Buffett, Mustard & Mainframes

Warren Buffett has out-performed the S&P 500 over the last 50 years by an astonishing 782:1. He has done this through disciplined value investment which, as he puts it, is about buying great companies at a reasonable price—rather than chasing uncertain trends or short-term bargains.

Buffett’s rationale is fairly simple. Great companies have mastered a business “platform” for generating value. So you can reap much higher long-term returns by wisely leveraging that proven platform than you can by gambling on unknowns or trying to time the market.

His recent investment in Heinz is a prime example. Buffett paid a slight premium to own a great company with a proven platform in the food business. One way Heinz leveraged this platform was by moving into a closely adjacent market: mustard. The incremental costs are low, and the potential upside is high.

The Heinz platform is also enabling a merger with Kraft—which on paper quadruples Buffett’s investment after just two years.

Chief Information Officers as value investors

Can CIOs apply Buffett’s value investment discipline to IT? I think so. Rather than chasing unproven IT investments that may or may not deliver short-term ROI, CIOs can instead invest in a proven value platform offers much higher—and more certain—long-term rewards.

That platform is the mainframe. The mainframe is a matchless IT platform that—like Heinz—is a staple of enterprise computing. It is scalable, reliable, and secure. And the odds that the world’s largest enterprises will stop using mainframes to execute their critical transactions and application logic are as low as the odds that people will stop putting ketchup on hamburgers.

For CIOs, investment in the mainframe can pay off like Buffett’s investment in Heinz. There are similar “adjacent markets.” Analytics and mobile are just two examples. Both are strategic to the business, and both are driving new workloads. So it makes sense to provision them where incremental costs are low and value is high.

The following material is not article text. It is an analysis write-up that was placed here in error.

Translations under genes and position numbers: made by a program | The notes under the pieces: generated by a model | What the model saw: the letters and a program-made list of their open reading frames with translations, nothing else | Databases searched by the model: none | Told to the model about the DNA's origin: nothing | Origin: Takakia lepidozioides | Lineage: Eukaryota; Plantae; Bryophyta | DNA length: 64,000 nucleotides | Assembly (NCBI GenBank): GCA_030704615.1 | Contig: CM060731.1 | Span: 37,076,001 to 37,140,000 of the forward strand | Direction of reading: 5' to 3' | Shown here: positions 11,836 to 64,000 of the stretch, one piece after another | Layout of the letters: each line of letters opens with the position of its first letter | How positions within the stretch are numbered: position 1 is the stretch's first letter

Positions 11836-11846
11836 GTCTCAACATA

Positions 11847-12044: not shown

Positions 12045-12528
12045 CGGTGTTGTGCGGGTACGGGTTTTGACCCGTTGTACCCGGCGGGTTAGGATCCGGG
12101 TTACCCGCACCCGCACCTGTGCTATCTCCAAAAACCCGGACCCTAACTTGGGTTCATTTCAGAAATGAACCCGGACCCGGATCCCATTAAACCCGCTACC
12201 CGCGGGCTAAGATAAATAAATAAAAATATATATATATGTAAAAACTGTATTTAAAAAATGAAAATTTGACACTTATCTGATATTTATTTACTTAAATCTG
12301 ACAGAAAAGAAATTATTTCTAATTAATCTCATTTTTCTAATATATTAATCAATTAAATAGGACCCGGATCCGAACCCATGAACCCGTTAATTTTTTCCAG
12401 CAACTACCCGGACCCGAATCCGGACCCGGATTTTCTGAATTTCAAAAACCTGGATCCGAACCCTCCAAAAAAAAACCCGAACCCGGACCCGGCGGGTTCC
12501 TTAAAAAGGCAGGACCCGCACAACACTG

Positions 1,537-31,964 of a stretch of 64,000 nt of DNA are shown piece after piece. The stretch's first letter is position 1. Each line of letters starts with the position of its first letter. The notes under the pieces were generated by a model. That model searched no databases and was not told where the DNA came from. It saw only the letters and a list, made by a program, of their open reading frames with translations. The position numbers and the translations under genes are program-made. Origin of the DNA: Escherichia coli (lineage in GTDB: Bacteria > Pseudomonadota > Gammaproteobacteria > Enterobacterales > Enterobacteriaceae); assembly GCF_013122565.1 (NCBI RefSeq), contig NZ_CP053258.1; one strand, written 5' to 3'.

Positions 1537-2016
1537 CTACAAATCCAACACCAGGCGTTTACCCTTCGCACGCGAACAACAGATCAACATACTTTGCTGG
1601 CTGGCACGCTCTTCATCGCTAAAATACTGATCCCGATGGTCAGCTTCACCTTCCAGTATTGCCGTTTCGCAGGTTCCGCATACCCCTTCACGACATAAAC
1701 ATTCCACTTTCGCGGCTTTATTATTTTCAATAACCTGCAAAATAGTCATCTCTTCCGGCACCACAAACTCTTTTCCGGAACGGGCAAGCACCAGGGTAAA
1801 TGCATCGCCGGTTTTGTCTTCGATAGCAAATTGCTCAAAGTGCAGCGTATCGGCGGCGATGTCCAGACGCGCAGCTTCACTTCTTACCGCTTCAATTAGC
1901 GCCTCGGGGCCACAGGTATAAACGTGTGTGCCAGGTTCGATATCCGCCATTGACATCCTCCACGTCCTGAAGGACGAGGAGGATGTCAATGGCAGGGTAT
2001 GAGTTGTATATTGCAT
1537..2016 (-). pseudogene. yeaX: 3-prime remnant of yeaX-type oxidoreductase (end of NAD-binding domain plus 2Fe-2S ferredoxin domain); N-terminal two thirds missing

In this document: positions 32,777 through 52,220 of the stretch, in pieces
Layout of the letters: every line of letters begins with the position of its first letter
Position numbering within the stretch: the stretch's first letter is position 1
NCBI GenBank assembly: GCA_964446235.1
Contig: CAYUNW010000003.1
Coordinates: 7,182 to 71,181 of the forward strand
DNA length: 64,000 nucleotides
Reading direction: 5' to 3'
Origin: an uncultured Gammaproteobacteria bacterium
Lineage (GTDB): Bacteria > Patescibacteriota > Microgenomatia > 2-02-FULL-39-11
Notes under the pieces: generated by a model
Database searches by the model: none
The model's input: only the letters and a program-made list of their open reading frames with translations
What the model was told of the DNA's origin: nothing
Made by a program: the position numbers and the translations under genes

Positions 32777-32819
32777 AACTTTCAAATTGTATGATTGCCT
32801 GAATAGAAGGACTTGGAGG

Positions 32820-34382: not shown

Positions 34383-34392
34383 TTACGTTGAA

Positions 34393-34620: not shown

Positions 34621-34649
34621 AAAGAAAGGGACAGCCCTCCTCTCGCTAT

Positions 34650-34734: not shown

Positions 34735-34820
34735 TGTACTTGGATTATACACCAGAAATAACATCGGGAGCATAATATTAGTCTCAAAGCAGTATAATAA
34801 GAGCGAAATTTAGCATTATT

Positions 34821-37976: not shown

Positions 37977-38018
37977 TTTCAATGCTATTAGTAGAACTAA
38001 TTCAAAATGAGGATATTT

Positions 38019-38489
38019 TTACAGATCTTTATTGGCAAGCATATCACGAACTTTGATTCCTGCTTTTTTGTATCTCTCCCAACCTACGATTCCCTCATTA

That’s the mainframe. Contrary to popular belief, the mainframe delivers exceptionally low incremental cost. In fact, you can double your mainframe workload without adding a single person to your staff. Try doing that with commodity servers.

Have you lost enough yet?

Speaking of commodity servers, CIOs are learning the hard way how poorly those investments are paying off for system of record workloads. Empirical data plainly shows that opex for commodity servers is going through the roof as IT workloads grow.  Worse yet, commodity infrastructure has proven extremely vulnerable to service outages and security breaches. That’s unacceptable as technology becomes increasingly integral to customer engagement and service.

So CIOs have a choice. They can continue throwing good money after bad. Or they can embrace proven value investing best practices with the mainframe, the platform IT has most fully mastered and that has delivered 50 years of healthy returns.

And by the way, if you need further proof on mainframe value, feel free to ask the Oracle of Omaha himself who just happens to be IBM’s largest shareholder.

Christopher O'Malley
About the author: 

Christopher O’Malley is the President and Chief Executive Officer at Compuware Corporation. Chris serves on the Board of Directors at the company – and he is also on the Board of Directors for Bluenog & The O’Malley Foundation. Follow Mr. O’Malley on LinkedIn and Twitter.